Everywhere I go, I seem to find something about the new book, The Fellowship: The Literary Lives of the Inklings: J. R. R. Tolkien, C. S. Lewis, Owen Barfield, Charles Williams by Carol and Philip Zaleski (and published by Farrar, Straus & Giroux, no less). Now I see the story in The Atlantic, too, in an article (here) by James Parker.
I’ve always loved the Inklings, not only for their writing, but also because they represent a period in England that I love:
In this nearly magical room, amid fire-crackle and clink of glass, you can hear them talking. Pipe smoke is in the air, and a certain boisterous chauvinism, and the wet-dog smell of recently rained-on tweed. You can hear the donnish mumbles of J. R. R. Tolkien as the slow coils of The Silmarillion glint and shift in his back-brain. Now he’s reading aloud from an interminable marmalade-stained manuscript, and his fellow academic Hugo Dyson, prone on the couch, is heckling him: “Oh God, not another fucking elf!” You can hear the challenging train-conductor baritone of C. S. Lewis, familiar to millions from his wartime radio broadcasts; hear the unstoppable spiel of the writer/hierophant Charles Williams, with his twitchy limbs and angel-monkey face; hear the silver stream of ideas and argumentation that is the philosopher Owen Barfield. They are intellectually bent upon one another, these men, but flesh-and-blood is the thing: conviviality is, for them, a kind of passion. The chairs are deep; the fire glows gold and extra fiery in the grate. Lewis’s brother, Warnie, rosy with booze and fellow feeling, serves the drinks. And the walls drop away, and the scene extends itself backwards and forward in time …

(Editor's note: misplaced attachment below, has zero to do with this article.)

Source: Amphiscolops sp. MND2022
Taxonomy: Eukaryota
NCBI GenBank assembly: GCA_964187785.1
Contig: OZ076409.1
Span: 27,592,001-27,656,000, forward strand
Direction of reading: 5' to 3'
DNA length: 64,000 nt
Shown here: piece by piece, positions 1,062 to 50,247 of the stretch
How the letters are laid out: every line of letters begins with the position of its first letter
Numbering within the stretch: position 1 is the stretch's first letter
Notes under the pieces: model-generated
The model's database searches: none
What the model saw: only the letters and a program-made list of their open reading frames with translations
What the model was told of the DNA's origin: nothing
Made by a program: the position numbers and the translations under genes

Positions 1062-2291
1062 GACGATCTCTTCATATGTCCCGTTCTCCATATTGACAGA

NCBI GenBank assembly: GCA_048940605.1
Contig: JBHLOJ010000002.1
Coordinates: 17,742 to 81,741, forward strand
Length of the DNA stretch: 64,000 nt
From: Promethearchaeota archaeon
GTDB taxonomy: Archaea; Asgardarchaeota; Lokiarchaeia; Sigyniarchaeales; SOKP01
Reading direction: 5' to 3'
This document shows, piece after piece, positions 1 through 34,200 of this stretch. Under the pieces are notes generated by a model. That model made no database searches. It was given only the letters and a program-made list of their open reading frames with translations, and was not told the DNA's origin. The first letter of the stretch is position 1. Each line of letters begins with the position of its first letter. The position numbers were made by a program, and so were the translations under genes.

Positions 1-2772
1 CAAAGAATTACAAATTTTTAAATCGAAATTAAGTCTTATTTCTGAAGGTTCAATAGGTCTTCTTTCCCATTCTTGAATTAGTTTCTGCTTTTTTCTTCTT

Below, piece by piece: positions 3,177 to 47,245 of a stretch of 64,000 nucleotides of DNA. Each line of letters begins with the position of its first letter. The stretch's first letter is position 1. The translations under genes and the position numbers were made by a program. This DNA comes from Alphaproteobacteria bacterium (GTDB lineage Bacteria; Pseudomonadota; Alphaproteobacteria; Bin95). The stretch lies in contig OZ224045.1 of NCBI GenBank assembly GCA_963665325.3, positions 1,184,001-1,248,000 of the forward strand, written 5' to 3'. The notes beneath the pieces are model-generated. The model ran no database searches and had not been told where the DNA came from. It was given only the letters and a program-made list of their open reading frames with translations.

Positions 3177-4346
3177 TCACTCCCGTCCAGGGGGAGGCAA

Is it the famous Eagle & Child, my favorite Oxford pub with its cramped dark-wood interiors and nooks and crannies? No! It’s Lewis’s rooms at Magdalen College, Oxford – I have to admit, it is perhaps the most beautiful college at the University (although I’m also partial to Christ Church, W.H. Auden‘s college, since I stayed across the street from it and got to look out over its marvelous gardens leading down to the ducks and the boats on Cherwell).
More from the review:
And so it began, and so it went on, with additions and diminutions, until the late ’40s. Reading aloud and commenting upon unfinished work was the group’s primary activity. Lewis’s The Great Divorce, Williams’s All Hallows’ Eve, and—most resonantly for us—Tolkien’s The Lord of the Rings all made their debut in this context. Tolkien, like Lewis, was part of the fabric of Oxford University, a philologist and a professor of Anglo-Saxon, teaching Beowulf by day while tinkering at night, at home, with his own made-up languages. Tinkering is of course quite the wrong word: Tolkien was plunging, spelunking, delving, excavating, as pickax-happy as a dwarf in the Mines of Moria, because in the roots of language—the glowing word-cores, the namings—he had found the roots of story. “For perfect construction of an art-language,” he explained in a talk delivered in 1931, “it is found necessary to construct at least in outline a mythology.” And there it is: the DNA of The Lord of the Rings. It was at this level of thinking that Tolkien met the way-ahead-of-the-curve Barfield, for whom language contained “the inner, living history of man’s soul.” Barfield’s brilliant 1926 book, History in English Words, is a work of philosophical archaeology, tracking and illuminating, via the changing meanings of words, the development of Western mental reality. And for Barfield, all reality was mental reality. “When we study long-term changes in consciousness,” he stated unequivocally, “we are studying changes in the world itself … Consciousness is not a tiny bit of the world stuck on the rest of it. It is the inside of the whole world.” (In Barfield’s old age, his theories would gain him a notable acolyte in Saul Bellow.)